The US Navy is looking to develop a swarm of odor-sniffing robots to help assemble and load some of its most dangerous weaponry. As Wired reports, these semi-automated robots would act almost like mechanized ants, with "leader" and "follower" bots loading 1,000-pound bombs into tight spaces aboard aircraft carriers. A human-controlled leader robot would lead the procession, with its automated followers trailing behind.
The key ingredient to the Navy's proposal is an as-yet unidentified chemical that could act as a pheromone. Once this chemical is identified, the Navy would need a system capable of embedding and reading data within the pheromone, which would be disseminated by the lead robot. The followers would need to be able to pick up on this pheromone, decode its data, and execute orders dictating speed, formation, and direction.
Creating order out of smell
The exact science behind this pheromone remains unclear — that's why the Navy is asking its defense partners for help — but Wired points out that researchers may draw inspiration from Swiss scientists who in 2010, used "virtual" pheromones to coordinate swarms of aerial drones. The work itself, however, may prove even more challenging than the science behind it. Because the Navy's robot swarm will be carrying bombs from well below the waterline all the way up to a ship's deck, they'll need to withstand temperatures of 200 degrees Fahrenheit, rough sea winds, and contact with petroleum products — all while keeping their signals from crossing with other robots.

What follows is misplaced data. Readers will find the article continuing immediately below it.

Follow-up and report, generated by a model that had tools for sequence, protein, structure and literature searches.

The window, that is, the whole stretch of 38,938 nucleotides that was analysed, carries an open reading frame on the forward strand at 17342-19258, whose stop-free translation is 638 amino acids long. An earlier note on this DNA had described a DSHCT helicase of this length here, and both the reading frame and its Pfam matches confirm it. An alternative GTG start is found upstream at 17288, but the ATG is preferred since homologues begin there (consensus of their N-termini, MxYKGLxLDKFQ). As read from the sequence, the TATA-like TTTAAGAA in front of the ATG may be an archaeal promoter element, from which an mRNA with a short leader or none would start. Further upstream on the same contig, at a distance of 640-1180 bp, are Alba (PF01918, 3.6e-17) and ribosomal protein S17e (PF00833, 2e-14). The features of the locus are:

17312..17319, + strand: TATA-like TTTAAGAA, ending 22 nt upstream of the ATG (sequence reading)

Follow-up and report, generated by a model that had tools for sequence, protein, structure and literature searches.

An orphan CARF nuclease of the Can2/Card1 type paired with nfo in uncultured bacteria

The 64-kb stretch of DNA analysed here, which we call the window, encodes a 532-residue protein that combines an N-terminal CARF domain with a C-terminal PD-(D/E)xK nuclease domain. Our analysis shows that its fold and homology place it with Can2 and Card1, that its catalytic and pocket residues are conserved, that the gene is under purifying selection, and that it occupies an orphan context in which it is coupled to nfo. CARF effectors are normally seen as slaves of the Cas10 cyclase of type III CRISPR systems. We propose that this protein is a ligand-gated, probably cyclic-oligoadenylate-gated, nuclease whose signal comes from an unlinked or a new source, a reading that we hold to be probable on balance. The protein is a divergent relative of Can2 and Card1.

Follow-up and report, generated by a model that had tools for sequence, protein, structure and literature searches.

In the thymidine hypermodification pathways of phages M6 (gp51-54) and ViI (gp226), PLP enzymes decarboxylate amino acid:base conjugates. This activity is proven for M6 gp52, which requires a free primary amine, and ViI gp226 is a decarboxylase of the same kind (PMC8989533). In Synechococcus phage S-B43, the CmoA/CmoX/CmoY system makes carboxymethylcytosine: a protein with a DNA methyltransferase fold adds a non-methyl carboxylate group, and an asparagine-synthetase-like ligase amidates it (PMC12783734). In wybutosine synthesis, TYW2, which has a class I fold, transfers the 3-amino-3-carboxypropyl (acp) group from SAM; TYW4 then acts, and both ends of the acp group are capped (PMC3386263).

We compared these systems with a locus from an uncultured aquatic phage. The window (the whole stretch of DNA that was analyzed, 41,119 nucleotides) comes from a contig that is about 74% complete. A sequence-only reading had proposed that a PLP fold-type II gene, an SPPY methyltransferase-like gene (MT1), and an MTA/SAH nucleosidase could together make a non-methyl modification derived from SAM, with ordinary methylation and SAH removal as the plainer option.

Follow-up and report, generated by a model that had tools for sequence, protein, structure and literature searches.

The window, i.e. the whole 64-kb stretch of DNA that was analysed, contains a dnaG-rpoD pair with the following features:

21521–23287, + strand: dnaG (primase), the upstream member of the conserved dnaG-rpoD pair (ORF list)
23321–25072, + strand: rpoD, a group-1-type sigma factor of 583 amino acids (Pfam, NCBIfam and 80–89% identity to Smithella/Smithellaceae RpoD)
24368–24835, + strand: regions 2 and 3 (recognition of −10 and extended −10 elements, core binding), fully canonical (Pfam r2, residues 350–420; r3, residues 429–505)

At this point, the initiative is only in its nascent phase and there's no timeline for launch, but the Navy says its proposal could offer an "elegant alternative" to other, more costly solutions — including, of course, human labor.
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